Since my schedule has become more crowded with the addition of the shift at the Cafe, I’ve decided to set aside Wednesdays and Fridays as my travel days, and I’ve had three awesome trips since my report on Coleraine last time. On September 20 I went to Downpatrick, which is only a few miles (around 20, I believe) southeast of Belfast, in the same direction but not the same highway as New Castle. It is the site where St. Patrick is believed to have entered Ireland in the Fourth Century and his remains along with those of Ireland’s two other patron saints, Colm (Columba) and Bridgit, are believed to be interred in the cathedral grounds there. I had been there with my sons years ago, so had not made it a top priority after arriving this time. But being able to explore without having to hurry to see other sites the same day was wonderful. See the photos and notes on my Downpatrick day on my Google+ page.
Last Wednesday I made my second trip to Dublin since moving here last March, and it was also very fruitful, as the pictures and notes on Google+ attest. And since there were schedule conflicts last Friday, I didn’t travel that day but opted to go to Bangor on Saturday, and that was, as they say here, brilliant. Literally; it was one of the best days in terms of weather in my six and a half months here. And though I had been in Bangor once on an earlier visit, I hadn’t really seen the town and was dazzled by its beauty as an ancient seaport. Again, there are several “albums” of pictures taken that day on Google+.
I’m now holding the fort alone at the Loom while Ward and Marda (my landlords/housemates) are on holiday for almost two weeks. Today is a travel day, but the mist is what most of the world calls rain and since I’m so behind on blogging, I’m here at the Cafe Wah doing my duty rather than gallivantin’.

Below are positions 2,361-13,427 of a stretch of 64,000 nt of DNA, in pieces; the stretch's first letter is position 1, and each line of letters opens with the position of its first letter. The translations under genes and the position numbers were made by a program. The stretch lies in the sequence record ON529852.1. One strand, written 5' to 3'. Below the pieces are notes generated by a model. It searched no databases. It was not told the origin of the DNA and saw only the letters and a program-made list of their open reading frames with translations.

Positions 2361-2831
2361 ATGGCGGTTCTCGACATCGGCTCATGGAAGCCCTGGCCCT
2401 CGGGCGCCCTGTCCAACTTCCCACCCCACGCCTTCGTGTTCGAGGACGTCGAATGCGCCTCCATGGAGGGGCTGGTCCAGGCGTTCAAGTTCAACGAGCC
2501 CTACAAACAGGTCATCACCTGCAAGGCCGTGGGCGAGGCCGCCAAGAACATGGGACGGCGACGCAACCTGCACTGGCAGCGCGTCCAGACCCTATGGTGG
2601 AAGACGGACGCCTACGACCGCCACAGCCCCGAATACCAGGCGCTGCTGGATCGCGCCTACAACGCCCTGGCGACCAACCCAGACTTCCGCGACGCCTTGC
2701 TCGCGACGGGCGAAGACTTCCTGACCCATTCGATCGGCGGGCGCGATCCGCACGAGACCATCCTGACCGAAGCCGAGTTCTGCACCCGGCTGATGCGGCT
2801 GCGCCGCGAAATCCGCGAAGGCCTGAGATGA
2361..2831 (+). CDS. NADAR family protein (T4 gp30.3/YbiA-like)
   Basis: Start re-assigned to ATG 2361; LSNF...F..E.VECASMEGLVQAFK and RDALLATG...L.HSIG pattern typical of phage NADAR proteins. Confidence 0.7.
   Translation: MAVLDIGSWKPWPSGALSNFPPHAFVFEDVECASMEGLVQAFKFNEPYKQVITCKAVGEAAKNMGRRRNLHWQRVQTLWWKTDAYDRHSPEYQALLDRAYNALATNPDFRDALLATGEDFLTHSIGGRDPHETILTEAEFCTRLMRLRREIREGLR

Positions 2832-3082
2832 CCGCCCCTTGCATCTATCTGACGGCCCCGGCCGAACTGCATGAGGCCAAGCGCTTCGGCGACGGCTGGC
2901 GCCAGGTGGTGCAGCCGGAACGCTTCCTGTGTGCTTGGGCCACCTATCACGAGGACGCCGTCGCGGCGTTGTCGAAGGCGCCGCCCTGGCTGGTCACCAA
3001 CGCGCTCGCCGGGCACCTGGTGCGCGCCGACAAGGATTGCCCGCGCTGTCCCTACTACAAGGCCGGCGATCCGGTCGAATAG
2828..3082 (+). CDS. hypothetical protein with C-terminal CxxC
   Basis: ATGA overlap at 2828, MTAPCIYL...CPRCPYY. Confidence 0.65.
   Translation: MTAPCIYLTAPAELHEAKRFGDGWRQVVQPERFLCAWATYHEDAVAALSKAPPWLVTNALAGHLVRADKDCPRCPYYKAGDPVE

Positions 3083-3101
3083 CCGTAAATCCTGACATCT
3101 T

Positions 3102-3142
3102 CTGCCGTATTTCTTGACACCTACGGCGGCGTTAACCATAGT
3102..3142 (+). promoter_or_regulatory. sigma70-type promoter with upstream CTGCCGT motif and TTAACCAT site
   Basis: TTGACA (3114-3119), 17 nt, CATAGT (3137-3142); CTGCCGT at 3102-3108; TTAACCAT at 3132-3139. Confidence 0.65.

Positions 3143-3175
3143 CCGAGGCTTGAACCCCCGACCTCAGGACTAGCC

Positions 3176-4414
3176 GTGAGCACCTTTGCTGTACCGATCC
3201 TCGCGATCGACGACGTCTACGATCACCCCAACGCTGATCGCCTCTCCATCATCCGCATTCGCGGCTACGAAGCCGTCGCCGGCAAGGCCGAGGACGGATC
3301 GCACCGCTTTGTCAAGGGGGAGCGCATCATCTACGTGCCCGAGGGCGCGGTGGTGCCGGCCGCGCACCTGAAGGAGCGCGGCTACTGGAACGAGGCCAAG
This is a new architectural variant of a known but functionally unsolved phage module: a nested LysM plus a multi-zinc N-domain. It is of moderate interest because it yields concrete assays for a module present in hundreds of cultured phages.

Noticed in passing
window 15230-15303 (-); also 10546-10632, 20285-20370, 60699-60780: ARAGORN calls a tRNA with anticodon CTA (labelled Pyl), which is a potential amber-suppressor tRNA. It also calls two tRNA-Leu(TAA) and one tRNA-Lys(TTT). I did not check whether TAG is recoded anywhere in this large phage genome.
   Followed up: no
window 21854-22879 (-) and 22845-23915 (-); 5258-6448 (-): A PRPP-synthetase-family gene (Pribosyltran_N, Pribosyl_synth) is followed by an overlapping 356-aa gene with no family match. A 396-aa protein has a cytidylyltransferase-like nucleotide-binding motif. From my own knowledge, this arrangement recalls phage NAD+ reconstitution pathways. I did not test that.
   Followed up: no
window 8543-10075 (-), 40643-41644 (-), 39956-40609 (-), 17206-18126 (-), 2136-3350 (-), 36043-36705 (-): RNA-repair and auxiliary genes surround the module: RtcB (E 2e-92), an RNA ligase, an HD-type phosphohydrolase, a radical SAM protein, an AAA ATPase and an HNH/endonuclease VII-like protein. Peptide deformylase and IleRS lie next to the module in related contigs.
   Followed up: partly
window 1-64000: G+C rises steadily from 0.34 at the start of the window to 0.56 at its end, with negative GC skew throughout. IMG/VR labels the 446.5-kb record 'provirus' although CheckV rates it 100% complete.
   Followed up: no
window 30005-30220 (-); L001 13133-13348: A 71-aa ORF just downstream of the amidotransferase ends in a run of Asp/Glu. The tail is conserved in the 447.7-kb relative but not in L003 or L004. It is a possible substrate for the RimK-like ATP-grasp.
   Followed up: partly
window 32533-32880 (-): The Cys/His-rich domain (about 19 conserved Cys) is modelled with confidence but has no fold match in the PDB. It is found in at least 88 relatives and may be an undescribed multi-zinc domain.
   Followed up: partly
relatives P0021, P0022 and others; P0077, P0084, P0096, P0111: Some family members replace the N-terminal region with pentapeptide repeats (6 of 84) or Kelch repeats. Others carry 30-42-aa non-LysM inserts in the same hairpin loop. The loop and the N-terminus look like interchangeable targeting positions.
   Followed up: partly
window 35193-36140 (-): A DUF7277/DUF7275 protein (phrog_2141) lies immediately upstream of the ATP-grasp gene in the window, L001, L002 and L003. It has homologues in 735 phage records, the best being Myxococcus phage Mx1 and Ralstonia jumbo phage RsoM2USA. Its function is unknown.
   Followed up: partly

Please leave comments. Finally, below are some of the best picture previews of my recent travels, if you haven’t been keeping up on Google+.
St. Patrick’s Cathedral in Downpatrick
Fall in St. Stephen’s Green, Dublin
Bangor, Ireland, makes me think of Cape Cod, an idyllic seashore town with a harbor, a marina (above), restaurants with ocean views, and views of church steeples inland.
§ I have now uploaded over 2,000 photos and videos, mostly from my current visit to Northern Ireland, but also including several hundred photos and videos from my summer in Pennsylvania (2012), and some photos of the family, on my Flickr site. Most of these are now organized by sets. Click here for the Flicker site.
Feedback: You can comment on today’s topic on the page linked below
Homiletical thought: What a short and sweet presentation of the Gospel is Paul’s opening greeting to Timothy, that all are sinners and are saved only by God’s grace through the work of Jesus Christ. And how tragic that Jesus’ words from this passage from Luke is as true now as when He said it. Also worth some thought is Paul’s emphasis on the importance of being, and having, godly examples.
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Please pray for my mission to Northern Ireland. You can read my background overview of this undertaking here. My residence/postal address is 227 Crumlin Road, Belfast, Northern Ireland BT14 7DY, UK. Mobile: 44 7455 980890.